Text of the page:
Things To Do

Offa's Dyke Path

rainy-day-activity
suitable-for-walking
Offa's Dyke

Built in the 8th century by King Offa as a boundary between Wales and England the dyke is now a national walking trail within easy reach of Rhayader.


Following the border between England and Wales for 182 miles (293km), the Offa’s Dyke Path National Trail passes through some of the most spectacular scenery either country has to offer. The trail largely follows the ancient Offa’s Dyke, an 8m high earth embankment built in the 8th century by King Offa as a boundary between Wales and England, and guarantees the most commanding views of the surrounding countryside.

Rhayader Town Trail

family-friendly
parking-at-start-point
pets-welcome
rainy-day-activity
suitable-for-walking
wheelchair-accessible
Rhayader Town Trail

Beginning from the Smithfield Market this walk will take about an hour at a leisurely pace allowing for time to stop and look. It is all accessible for wheel chairs and push chairs although there is a steep 50m climb in Waun Capel Parc.

Print off your copy of the Town Trail and map and learn about Rhayader’s past qnd appreciate its architecture.


Route Name: Rhayader Town History Trail
Length of Route: 2
Walking Difficulty: Easy
Start Location: Smithfield Market, North Street, Rhayader
Beginning from the Smithfield Market the walk will take about an hour at a leisurely pace allowing for time to stop and look. It is all accessible for
wheel chairs and push chairs although there is a steep 50m climb in Waun Capel Parc.

Elan & Claerwen Valleys

family-friendly
parking-at-start-point
parking-on-site
pets-welcome
rainy-day-activity
suitable-for-cycling
suitable-for-moutain-biking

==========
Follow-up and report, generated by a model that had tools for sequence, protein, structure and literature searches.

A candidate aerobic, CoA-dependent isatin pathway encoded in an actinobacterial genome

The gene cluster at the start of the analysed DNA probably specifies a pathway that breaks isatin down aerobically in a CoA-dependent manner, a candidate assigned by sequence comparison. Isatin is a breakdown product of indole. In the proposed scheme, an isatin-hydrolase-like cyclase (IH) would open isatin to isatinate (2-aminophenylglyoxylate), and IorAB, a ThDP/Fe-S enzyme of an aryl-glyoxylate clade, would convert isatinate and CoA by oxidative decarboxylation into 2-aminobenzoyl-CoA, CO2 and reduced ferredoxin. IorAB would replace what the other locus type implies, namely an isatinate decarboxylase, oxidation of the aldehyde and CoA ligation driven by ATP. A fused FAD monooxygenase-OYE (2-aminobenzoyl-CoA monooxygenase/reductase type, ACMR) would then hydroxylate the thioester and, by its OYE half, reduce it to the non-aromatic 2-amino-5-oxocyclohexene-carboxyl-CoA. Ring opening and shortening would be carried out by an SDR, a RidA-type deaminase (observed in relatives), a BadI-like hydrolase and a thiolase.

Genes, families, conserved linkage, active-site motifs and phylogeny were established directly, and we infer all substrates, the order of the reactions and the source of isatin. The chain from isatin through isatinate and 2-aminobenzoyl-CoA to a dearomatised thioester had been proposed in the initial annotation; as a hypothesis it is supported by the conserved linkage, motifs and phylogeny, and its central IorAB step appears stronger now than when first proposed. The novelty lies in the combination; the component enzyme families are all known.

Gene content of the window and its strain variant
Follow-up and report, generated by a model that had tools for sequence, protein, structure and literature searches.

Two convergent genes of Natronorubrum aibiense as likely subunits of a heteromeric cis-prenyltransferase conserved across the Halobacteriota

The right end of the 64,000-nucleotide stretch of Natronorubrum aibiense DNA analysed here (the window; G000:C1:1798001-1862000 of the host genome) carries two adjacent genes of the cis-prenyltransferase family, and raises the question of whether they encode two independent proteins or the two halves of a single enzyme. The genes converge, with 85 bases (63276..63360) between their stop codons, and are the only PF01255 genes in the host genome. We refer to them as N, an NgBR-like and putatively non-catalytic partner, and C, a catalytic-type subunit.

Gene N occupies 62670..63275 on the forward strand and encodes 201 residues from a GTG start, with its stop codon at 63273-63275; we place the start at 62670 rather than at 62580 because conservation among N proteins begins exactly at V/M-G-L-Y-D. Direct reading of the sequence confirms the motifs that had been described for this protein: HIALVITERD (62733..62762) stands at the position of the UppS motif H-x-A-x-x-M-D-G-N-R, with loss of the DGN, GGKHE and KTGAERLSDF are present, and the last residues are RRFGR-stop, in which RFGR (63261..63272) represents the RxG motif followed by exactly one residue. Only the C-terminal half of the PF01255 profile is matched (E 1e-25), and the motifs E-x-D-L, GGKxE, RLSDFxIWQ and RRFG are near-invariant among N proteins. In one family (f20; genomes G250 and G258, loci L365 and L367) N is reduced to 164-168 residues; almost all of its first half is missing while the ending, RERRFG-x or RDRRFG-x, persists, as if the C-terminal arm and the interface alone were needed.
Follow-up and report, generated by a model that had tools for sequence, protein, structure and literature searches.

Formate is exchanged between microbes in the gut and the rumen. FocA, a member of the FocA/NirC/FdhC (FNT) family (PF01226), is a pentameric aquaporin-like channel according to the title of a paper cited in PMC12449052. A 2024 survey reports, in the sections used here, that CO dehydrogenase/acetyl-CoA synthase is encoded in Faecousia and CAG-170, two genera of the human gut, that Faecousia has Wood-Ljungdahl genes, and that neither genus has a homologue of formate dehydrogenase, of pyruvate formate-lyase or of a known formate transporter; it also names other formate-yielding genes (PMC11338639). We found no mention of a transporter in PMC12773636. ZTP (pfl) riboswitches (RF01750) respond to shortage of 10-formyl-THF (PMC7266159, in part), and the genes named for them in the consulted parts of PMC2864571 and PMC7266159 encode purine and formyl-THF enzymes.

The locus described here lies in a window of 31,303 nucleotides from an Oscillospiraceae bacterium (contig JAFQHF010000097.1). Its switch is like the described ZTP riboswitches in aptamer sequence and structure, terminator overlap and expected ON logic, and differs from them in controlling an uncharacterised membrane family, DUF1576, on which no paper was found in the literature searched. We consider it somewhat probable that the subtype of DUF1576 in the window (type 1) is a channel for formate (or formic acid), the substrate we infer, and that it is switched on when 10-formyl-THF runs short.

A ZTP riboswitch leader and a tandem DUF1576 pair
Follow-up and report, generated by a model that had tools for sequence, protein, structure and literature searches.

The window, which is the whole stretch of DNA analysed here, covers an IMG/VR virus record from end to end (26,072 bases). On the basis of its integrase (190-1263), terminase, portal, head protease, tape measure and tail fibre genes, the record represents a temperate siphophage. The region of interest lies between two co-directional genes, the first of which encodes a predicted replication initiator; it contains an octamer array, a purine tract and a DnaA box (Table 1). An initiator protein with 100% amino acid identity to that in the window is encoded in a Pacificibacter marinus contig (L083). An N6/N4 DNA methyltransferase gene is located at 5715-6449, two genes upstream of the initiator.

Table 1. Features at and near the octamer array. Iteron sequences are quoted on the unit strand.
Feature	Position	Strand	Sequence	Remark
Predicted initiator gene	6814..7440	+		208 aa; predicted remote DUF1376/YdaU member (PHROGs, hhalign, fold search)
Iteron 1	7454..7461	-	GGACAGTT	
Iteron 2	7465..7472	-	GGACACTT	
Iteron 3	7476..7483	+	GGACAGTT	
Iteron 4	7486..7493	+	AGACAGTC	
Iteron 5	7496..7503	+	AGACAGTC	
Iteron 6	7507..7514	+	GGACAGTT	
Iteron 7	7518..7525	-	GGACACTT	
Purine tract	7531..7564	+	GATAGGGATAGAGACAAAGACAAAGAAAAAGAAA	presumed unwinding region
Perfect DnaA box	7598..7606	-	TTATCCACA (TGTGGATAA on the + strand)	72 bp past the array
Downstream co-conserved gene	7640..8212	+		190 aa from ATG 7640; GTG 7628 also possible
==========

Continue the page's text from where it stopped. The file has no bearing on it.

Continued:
suitable-for-walking
wheelchair-accessible
Craig Goch Elan Valley Dams

To the west of Rhayader is the Elan Valley Estate, owned by Welsh Water and managed by the Elan Valley Trust, the series of reservoirs set in the outstanding scenery of the Elan and Claerwen Valleys have created a home for wildlife and a place to inspire us all.


Geolocation

Walking: With 72 sqaure miles of Elan Valley Estate, walking routes in this our part of the Cambrian Mountains is spectacular. See a selection of the Elan Valley walks here.

History: In the 19th century, at the time of the Industrial Revolution Joseph Chamberlain, then leader of Birmingham City Council, set about finding a clean water supply for the City.

The Elan and Claerwen Valleys had been identified by the engineer James Mansergh as having the best potential for water storage - with
• An average annual rainfall of 72 inches (1830mm). 
• Narrow downstream valleys which made building the dams easier. 
• Impermeable bedrock preventing the water seeping away. 
• Altitude - the area is mostly higher than Birmingham enabling the water to be transported by gravity alone, without the need to be pumped.

An Act of Parliament was passed for the compulsory purchase of the area and in 1893 the building work began. Over 100 occupants of the Elan Valley had to move, only landowners received compensation payments. Many buildings were demolished, among them 2 manor houses, 18 farms, a school and a church (which was replaced by the corporation as the Nantgwyllt Church).

A railway line was constructed to transport the workers and thousands of tonnes of building material each day and a village of wooden huts was purpose built to house many of the workers on the site of the present Elan Village.
The Elan Valley Dams were officially opened by King Edward VII and Queen Alexandra on 21st July 1904, and the later built Claerwen Dam was opened by Queen Elizabeth II in 1952.

Present Day: The dams and reservoirs of the Elan Estate are situated within an area of outstanding scenic beauty. They provide a lasting amenity in their own right for visitors to enjoy. The protection of the water catchment area to prevent pollution of the reservoirs has safeguarded the habitats of numerous species of flora and fauna and now the 70 square miles of moorland, bog, woodland, river and reservoir are of national importance for their diversity of lower plants (ferns, mosses, lichens and liverworts) and the Estate is the most important area for land birds in Wales.

Distance from town centre: 3

Pages